Hotel California

Am I ill?

This question is so much on my mind. I came into hospital because I was having detailed suicidal thoughts and almost took my own life, but at my core I still don’t believe that in the face of what I have lived through that is so unreasonable. Some part of me didn’t want to die though, or I wouldn’t have called for help that Friday. Or maybe as I’ve said before, I simply decided voluntary admission was preferable to involvement of the emergency services and detention under the Mental Health Act.

When you arrive as an informal patient you’re told that you can leave at any time, but as the wife of someone with detailed knowledge of the MHA I’ve always known that’s not strictly true. If the risk levels are high, staff aren’t going to just let you waltz out of the door with all your possessions. I doubt most informal patients are aware of the limited powers of nurses to detain a person at risk until they can be formally “sectioned”. Last time I discussed my informal status with the doctors I was deemed not sectionable but I’ve always been very aware of how quickly that can change.

My distress has eased over the past few days. This morning I had a hefty dose of bog standard depression, but this is something I at least know how to deal with (if hiding in bed all morning missing breakfast and gym equates to “dealing”). I think the fluctuations are much smaller and less frequent now; I also think I’m kind of bottoming out into low mood. I guess that makes sense since another blood test has show my levels of lamotrigine are lower than they should be. We can go ahead with the increase starting tomorrow morning.

A few days ago that was the treatment holy grail. Now I feel pretty meh about it. I just don’t feel ill. Well, a little bit maybe, but nothing I haven’t weathered a million times before. I know I am having a lot of very dangerous thoughts, although I conceive of them as dangerous only in that they would have mega repercussions if I was found out/located. All that escapology stuff for example. I have the chance to get the big med change I’ve wanted for a very long time, yet I seem to seek self-sabotage.

As ever when I get a case of The Sneakies, part of me wants to stop but the planning escalates and becomes ever more devious. I managed to say a bit of this to a nice nurse, a kind of warning that they think I am a pleasant lady and therefore a compliant patient, but I’m not. I am devious and always looking to exploit any cracks in the system. Nice Nurse was there when I was called to speak to the doctors they had been given an idea of my mindset. I told them I have been thinking that maybe there is nothing in here that I need, that I could discharge myself and just go home and sleep off the depression and forget about the whole med change crapola.

Except… You know what’ll happen if you try to leave, right? Asked Beardy Doc. Yup. As my friend Bunny put it: Hotel California. As an informal I can check out any time I like. With ideas like these I can never leave.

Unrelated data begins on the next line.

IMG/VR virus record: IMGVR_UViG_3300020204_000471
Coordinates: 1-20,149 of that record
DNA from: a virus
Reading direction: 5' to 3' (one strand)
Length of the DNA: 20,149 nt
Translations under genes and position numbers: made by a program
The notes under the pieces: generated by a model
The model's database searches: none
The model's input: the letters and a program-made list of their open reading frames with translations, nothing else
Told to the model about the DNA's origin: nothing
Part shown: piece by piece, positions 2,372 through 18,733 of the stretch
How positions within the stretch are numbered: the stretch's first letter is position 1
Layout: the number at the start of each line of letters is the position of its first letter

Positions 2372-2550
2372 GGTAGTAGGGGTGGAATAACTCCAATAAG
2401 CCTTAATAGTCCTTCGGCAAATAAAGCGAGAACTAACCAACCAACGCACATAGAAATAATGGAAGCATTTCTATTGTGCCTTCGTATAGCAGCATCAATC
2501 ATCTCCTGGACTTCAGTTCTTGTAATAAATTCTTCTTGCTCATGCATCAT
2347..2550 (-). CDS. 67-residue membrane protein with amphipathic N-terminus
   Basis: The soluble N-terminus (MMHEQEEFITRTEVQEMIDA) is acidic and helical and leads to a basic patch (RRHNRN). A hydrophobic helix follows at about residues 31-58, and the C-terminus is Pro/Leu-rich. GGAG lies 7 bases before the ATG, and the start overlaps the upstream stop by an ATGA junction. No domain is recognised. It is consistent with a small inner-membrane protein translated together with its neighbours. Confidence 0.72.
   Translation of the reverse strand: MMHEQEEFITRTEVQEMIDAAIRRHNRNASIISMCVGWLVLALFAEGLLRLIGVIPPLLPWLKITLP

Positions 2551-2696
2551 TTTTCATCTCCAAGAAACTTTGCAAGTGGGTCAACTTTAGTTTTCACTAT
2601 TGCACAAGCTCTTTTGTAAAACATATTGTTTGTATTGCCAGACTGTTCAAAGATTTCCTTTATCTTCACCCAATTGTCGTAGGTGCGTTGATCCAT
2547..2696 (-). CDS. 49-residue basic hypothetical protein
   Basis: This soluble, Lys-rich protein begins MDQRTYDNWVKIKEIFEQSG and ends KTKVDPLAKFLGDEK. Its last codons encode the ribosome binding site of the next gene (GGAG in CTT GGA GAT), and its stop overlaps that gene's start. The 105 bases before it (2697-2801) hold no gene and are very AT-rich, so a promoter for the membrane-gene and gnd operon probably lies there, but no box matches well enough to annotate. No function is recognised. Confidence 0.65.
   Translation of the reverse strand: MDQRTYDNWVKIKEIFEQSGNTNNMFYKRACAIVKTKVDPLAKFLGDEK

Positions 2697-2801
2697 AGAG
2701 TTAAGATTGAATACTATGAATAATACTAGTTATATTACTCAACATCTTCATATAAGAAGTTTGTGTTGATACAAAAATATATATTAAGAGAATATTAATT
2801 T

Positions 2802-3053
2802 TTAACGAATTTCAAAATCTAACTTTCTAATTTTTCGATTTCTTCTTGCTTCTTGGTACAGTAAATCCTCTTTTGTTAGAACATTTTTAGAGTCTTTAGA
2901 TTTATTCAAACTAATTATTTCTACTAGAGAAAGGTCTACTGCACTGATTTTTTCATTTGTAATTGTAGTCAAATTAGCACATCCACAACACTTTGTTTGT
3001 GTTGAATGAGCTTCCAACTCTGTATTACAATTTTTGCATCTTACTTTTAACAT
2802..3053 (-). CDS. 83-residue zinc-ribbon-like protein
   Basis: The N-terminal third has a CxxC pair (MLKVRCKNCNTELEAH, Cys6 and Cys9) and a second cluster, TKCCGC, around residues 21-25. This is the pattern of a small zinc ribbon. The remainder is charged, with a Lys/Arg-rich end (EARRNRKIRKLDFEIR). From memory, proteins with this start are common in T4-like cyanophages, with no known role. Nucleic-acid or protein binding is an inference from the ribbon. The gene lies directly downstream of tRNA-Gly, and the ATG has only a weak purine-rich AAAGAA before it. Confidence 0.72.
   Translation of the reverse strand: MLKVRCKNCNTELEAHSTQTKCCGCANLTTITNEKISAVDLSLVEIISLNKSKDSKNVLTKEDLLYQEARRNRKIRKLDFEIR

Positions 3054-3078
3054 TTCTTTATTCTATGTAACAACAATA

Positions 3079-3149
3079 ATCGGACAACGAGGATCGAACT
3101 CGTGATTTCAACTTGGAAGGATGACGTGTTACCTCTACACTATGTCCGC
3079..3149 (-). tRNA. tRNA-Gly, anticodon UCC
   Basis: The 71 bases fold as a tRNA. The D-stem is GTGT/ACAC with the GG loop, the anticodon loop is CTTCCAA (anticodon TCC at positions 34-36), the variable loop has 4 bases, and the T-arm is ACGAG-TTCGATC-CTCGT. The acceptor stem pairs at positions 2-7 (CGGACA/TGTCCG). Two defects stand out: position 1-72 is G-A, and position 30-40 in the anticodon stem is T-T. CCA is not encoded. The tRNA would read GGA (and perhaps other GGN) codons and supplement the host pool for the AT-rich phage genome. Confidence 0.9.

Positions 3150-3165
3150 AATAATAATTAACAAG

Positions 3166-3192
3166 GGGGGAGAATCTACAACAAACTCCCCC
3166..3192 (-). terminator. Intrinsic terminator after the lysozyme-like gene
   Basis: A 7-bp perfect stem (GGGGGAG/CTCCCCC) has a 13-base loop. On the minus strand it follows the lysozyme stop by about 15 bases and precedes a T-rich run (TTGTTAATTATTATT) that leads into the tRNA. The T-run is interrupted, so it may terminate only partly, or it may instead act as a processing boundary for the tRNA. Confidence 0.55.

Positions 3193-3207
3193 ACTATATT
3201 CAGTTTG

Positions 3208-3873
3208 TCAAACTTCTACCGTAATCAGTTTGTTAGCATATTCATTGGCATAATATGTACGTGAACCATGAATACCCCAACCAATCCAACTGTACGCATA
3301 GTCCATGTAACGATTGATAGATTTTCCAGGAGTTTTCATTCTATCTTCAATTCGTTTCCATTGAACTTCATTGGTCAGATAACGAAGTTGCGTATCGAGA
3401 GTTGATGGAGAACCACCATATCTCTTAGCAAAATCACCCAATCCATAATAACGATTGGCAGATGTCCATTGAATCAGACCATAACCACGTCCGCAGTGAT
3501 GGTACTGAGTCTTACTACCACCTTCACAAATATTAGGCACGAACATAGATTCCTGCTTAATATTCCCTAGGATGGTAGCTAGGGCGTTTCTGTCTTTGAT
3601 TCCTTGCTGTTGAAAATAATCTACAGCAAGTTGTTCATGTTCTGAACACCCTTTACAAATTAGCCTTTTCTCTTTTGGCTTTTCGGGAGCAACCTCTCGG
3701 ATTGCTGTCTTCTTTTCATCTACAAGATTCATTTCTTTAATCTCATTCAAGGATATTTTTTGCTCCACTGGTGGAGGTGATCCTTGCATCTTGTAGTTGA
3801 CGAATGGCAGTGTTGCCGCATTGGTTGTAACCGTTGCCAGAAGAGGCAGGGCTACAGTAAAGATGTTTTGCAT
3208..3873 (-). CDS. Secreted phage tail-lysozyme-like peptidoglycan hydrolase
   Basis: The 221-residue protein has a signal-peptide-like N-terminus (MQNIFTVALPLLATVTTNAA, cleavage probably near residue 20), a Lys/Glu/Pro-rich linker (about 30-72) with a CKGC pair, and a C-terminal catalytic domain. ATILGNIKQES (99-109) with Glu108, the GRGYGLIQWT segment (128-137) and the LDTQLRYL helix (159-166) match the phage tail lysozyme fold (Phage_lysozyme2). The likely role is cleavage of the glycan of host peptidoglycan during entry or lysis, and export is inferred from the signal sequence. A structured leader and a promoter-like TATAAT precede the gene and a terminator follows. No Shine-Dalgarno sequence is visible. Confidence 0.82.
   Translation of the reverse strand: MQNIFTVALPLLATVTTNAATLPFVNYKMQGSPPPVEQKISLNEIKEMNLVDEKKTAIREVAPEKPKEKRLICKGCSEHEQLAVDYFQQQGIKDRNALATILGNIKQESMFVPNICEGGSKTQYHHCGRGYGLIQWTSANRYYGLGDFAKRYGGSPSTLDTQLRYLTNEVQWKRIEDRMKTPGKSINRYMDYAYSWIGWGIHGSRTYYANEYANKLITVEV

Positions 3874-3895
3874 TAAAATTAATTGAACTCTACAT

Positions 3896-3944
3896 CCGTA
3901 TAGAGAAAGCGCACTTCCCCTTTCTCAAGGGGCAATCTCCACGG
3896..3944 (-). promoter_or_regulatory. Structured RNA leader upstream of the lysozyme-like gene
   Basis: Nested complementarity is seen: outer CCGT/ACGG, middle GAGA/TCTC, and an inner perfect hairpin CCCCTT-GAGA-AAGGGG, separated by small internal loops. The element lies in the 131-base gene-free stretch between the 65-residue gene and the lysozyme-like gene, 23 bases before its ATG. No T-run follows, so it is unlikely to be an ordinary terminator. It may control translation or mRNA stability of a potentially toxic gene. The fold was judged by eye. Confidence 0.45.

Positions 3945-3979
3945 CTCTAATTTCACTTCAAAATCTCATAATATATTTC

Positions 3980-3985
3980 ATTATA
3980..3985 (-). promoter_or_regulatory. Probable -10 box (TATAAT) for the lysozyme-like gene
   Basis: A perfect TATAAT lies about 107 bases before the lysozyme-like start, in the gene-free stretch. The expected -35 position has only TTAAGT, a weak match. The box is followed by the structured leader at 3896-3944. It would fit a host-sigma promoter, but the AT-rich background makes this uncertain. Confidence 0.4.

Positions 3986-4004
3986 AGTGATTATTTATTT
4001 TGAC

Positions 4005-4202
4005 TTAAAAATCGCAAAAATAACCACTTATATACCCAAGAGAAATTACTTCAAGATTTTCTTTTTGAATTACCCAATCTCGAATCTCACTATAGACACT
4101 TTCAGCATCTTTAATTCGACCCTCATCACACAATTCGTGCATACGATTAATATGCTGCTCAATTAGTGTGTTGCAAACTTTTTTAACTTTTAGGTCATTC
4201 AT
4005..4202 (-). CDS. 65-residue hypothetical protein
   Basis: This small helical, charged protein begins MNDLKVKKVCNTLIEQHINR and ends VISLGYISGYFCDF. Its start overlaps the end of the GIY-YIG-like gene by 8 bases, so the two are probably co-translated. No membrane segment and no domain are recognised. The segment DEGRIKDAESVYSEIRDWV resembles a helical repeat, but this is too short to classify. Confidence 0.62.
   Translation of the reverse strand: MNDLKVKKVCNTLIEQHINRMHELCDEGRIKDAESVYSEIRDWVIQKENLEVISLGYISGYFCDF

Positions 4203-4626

Such stupidity, all this self-sabotage; why? Why am I compelled to behave in ways that have increased the likelihood of being sectioned and stuck on 1:1 obs (observations) with a nurse tailing me everywhere and sitting in my doorway as I sleep? Abscond and I could end up on a different ward with tighter security after being pulled out the back of a police van.

Sectioned, even on a 28 day s2, I miss chances to spend time with my children. I just spoke to my daughter, who is a treasure and a delight as ever. Why would I want to spend even less time with her than I can as an informal? I’d be away from Tom and home for a whole month on top of the 2.5 weeks I’ve been in. I’d lose out on brilliant work opportunities. I risk not being in the community for our much-anticipated holiday to Germany.

So why the fuck would I want to do anything that could lead to all that? Why can’t I stop? I’m crossing little lines here and there, but little lines add up. I can’t stop. But I don’t feel ill. Except sometimes I know these thoughts are the thoughts of a crazy person. And I’m now more unwell in the eyes of staff.

I don’t know what to think/believe anymore.

 

 

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About purplepersuasion

40 something service user, activist, writer and mother living with bipolar disorder. Proud winner of the Mark Hanson Prize for Digital Media at the Mind Media Awards #VMGMindAwards 2013. Winner of the World in Mentalists Mood Disorder blog 2012. Regular guest blogger for the International Bipolar Foundation http://www.internationalbipolarfoundation.org/ Expert by Experience working with Mind training department. Working on The Incoming Tide, a bipolar memoir. Find me on Twitter @BipolarBlogger or at my Facebook page http://www.facebook.com/BipolarBlogger
This entry was posted in Bipolar, Crisis care, Depression, Family issues, Hospital, Inpatient care, Medication, Mental health services, Mood disorder, NHS services, Psychiatry, Suicidal thought, Suicide, Treatment planning, Uncategorized and tagged , , , , , , , , , , , , , , . Bookmark the permalink.